“We love and miss our daughter,” the distraught mother said. “She’s our rainbow in the sky.”

Defense attorney Abel Yanez said Griffith had a quality character, was a successful entertainer and had a spotless record until he crossed paths with Debbie Flores Narvaez.

In their relationship, it was Flores Narvaez who was violent, Yanez said. “I’ve yet to hear any evidence that Jason has been violent to Debbie or that Jason has been violent in any of his prior relationships,” Yanez said.

“She was a deeply troubled person who probably needed mental health treatment,” the lawyer said.

In a lengthy diatribe, Griffith listed all the things he said Flores Narvaez did to him or that he had done in his own defense during the relationship. He talked about her sending him “hundreds of threatening emails,” which was not disclosed to the jury, and how he called 911 for help 14 times. He said Delaney knew all these things.

Griffith called Flores Narvaez a stalker who had been violent with five other boyfriends. He also said she lied about being pregnant, though he testified he drove her to get abortions twice.

He talked about how the jury, because of Delaney’s ruling, never saw a secretly recorded video of Flores Narvaez saying that she had egged his car, slashed his tires and committed other property crimes against him.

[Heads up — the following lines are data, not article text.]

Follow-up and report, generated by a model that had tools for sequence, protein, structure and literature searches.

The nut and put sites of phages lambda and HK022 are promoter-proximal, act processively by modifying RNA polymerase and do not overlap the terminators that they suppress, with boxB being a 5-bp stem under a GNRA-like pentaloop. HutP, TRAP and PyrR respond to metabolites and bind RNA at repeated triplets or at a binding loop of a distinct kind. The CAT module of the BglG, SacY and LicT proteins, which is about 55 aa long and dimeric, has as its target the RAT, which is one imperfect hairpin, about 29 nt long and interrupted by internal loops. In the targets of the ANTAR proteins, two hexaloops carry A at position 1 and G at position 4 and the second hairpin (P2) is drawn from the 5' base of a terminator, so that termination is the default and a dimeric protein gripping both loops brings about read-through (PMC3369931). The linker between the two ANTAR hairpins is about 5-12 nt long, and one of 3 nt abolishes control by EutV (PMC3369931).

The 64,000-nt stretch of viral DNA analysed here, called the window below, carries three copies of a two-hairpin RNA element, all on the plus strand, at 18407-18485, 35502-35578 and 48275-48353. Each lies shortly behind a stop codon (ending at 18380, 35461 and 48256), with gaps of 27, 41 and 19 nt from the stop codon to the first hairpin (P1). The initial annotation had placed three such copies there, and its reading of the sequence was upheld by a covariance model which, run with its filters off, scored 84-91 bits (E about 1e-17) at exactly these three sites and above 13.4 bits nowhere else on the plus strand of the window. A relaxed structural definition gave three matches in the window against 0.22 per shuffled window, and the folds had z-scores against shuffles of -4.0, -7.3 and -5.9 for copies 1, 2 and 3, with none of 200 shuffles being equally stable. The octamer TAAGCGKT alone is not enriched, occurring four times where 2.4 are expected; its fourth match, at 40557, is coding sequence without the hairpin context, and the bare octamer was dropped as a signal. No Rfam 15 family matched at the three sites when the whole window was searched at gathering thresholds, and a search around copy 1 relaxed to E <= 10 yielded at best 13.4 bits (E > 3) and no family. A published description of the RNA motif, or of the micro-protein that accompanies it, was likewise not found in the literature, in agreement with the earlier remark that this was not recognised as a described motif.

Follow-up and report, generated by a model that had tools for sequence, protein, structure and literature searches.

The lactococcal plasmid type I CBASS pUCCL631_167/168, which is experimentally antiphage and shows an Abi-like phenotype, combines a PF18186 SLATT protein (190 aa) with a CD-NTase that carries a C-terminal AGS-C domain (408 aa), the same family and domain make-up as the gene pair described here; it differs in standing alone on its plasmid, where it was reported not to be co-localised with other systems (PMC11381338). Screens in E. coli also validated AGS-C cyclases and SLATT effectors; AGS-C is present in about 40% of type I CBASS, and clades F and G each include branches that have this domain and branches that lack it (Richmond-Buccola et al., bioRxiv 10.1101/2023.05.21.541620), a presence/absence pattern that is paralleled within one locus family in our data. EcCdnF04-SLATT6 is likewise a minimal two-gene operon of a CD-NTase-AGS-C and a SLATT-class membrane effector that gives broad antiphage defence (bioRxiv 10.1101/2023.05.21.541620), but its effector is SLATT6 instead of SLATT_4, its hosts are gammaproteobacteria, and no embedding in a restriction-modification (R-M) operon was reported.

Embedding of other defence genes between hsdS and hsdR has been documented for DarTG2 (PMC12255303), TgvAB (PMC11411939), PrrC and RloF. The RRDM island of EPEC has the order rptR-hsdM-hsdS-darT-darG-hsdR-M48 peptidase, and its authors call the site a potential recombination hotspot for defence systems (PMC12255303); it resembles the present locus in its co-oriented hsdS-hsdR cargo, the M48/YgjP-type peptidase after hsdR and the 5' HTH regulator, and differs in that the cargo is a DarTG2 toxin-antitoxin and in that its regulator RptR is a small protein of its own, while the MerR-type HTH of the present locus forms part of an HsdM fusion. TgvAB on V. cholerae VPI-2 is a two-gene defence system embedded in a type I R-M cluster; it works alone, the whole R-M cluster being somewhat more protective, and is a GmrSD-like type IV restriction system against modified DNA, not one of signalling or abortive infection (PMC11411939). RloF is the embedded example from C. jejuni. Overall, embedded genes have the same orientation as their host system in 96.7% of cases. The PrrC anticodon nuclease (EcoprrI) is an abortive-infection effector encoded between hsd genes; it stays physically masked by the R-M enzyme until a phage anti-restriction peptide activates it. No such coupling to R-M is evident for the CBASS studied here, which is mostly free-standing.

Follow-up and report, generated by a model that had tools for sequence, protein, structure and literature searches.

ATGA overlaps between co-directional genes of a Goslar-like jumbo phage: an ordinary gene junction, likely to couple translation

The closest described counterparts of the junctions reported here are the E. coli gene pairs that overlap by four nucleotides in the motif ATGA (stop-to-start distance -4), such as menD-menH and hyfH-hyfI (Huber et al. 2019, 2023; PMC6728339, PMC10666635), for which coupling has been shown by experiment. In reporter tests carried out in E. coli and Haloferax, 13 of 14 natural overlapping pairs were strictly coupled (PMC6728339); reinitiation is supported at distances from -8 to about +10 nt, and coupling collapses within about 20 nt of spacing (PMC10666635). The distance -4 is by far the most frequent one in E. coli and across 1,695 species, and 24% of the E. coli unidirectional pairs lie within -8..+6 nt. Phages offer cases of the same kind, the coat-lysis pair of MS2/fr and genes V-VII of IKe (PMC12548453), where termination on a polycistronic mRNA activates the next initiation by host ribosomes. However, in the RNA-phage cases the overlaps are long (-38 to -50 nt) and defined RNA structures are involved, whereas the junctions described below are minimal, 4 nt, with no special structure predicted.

“We all know that if I were a woman and I was accosted by a man like this, I wouldn’t be standing before you here today,” Griffith said. “In tomorrow’s paper, the novelists who claim to be journalists won’t report the things that you really know. I asked 12 jurors to help me and give me back my freedom but they didn’t know the things that you know. I asked the police 14 times to help me and they didn’t know the things that you know. So today judge, I’m asking for a 15th time, will you help me?”

Griffith turned to his mother, who has stood by her son throughout the case, and said, “I will fight this every day until I get back to you.”

Griffith never apologized but said, “I am saddened by these events and I am saddened for everyone these events have affected.”